California state officials sued Orange County today to recoup $73.5 million in property taxes, the latest development in a feud stemming from last year's state budget.
Since its 1994 bankruptcy, Orange County received an enhanced share of state car taxes to help regain its financial footing, the Department of Finance contends. But last year, Gov. Jerry Brown and lawmakers agreed to redirect that share -- $48 million -- to pay counties for new responsibilities they assumed from the state, such as housing low-level prisoners and overseeing parolees.
Orange County lawmakers attempted with little success last summer to have the state restore the car tax money before the end of session. In its place, Orange County has withheld property taxes this year that normally pay for K-12 schools and community colleges - money that the county believes is rightfully its own.
Orange County spokesman Howard Sutter disputes the state's characterization of the car tax history. While some money was dedicated to repaying bankruptcy debt, Sutter contends that did not result in the county receiving more than it was due under state tax formulas.
The state Department of Finance along with California Community Colleges Chancellor Jack Scott filed suit Thursday in Orange County Superior Court, alleging that the county has taken "the extraordinary step of flouting the law and illegally redirecting property tax revenue payments from schools and community colleges to the county's own general fund." The state wants the court to order the county to pay property taxes to schools.
Sutter issued the following in a statement: "While the county has been proactive in discussing this issue with legislators and school officials, the Department of Finance and Attorney General's office have made no contact with the county regarding this matter. The county is disappointed the state has now resorted to filing a lawsuit. We are evaluating the merits of their suit and cannot comment on its specifics at this time until we have had time to completely review their claims."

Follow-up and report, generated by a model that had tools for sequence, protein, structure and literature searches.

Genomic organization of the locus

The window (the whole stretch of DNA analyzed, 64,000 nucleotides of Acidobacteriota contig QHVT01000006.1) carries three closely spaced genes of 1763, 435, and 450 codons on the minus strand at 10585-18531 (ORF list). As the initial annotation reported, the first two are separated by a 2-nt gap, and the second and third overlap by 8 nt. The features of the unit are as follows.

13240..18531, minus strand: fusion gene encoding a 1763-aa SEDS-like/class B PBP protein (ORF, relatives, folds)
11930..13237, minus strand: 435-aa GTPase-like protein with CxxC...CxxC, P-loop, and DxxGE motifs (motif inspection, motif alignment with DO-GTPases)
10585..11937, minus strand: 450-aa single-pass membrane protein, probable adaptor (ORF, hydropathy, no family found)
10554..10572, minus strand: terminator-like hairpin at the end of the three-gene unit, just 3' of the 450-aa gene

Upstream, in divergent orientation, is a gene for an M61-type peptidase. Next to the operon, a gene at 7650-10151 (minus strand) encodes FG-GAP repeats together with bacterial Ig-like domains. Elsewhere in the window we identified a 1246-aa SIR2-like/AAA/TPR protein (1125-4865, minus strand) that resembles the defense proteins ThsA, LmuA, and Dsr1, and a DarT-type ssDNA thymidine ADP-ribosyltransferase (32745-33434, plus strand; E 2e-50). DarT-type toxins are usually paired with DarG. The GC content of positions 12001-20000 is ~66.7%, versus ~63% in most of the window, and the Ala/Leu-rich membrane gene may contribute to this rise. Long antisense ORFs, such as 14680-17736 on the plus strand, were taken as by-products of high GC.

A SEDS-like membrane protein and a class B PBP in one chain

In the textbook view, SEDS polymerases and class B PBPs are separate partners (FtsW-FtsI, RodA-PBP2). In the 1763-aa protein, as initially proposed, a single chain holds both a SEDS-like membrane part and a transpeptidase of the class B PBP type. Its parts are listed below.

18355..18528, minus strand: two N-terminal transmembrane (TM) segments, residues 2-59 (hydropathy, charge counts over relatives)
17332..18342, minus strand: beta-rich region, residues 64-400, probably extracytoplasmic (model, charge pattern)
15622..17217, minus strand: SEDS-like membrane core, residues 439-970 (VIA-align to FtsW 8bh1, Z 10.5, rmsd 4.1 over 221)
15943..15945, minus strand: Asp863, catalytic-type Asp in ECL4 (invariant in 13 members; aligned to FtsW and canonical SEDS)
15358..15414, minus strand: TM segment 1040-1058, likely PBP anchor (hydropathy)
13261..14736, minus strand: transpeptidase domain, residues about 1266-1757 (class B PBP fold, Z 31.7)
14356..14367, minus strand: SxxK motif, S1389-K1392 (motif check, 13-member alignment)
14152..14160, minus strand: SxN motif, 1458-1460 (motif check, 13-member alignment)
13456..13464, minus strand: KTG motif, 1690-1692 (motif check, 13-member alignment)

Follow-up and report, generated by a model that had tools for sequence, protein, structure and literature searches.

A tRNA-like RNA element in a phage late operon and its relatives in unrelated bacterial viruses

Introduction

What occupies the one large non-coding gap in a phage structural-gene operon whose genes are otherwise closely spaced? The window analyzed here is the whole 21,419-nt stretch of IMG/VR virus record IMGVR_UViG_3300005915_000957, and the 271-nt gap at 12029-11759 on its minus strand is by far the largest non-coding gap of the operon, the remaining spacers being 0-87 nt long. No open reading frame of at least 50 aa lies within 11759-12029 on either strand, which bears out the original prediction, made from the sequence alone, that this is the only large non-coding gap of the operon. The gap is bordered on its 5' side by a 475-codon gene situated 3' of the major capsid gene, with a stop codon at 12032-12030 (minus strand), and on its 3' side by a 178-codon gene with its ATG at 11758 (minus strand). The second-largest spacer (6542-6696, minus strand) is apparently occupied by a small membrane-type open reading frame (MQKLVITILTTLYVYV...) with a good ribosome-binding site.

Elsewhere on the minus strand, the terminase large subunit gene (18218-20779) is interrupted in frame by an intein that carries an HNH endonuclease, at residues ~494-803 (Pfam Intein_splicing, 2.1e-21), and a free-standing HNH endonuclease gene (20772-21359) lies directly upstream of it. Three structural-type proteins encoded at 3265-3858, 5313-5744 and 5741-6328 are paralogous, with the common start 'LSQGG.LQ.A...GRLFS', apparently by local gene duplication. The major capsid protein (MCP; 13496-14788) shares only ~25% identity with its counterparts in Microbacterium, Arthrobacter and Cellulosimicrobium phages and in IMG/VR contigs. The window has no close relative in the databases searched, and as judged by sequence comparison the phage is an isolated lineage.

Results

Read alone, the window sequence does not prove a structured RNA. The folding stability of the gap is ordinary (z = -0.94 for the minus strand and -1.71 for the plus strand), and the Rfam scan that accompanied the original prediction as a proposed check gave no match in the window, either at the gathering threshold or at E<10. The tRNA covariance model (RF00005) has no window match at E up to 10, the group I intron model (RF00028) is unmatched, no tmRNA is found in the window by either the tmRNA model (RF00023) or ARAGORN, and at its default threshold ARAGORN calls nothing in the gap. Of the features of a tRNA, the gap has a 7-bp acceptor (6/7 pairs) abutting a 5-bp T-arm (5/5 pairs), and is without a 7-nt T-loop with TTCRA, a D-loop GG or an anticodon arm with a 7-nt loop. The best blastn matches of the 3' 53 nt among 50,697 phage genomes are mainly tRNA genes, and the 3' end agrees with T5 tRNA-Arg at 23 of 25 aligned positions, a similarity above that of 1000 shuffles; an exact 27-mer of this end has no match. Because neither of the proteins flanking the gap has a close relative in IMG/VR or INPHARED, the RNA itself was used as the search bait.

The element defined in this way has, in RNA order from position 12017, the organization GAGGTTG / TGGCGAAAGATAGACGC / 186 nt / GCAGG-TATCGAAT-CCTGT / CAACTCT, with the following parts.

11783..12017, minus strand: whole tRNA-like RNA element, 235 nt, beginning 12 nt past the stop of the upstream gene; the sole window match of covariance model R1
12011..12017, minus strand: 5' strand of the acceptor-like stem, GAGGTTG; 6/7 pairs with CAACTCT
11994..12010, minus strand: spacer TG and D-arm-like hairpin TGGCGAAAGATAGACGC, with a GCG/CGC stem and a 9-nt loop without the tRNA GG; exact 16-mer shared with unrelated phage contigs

The state's lawsuit says Orange County believes the state will make education whole by sending the difference to schools, which the state does routinely to offset a drop in property tax revenues. But the state contends that while that may be the case for K-12 schools, California does not do the same for community colleges, which is one reason Scott is on the lawsuit.
The state also says the county is illegally relying on a provision requiring California to make schools whole that is intended to address natural property tax declines, "not from a county's illegal manipulation of its fiscal affairs."
The California Community Colleges system said in February that it was in danger of losing an additional $149 million this spring because of a decline in property taxes and fee revenue. The Orange County situation was cited then as a contributing factor in that drop.
Post updated with Orange County responses.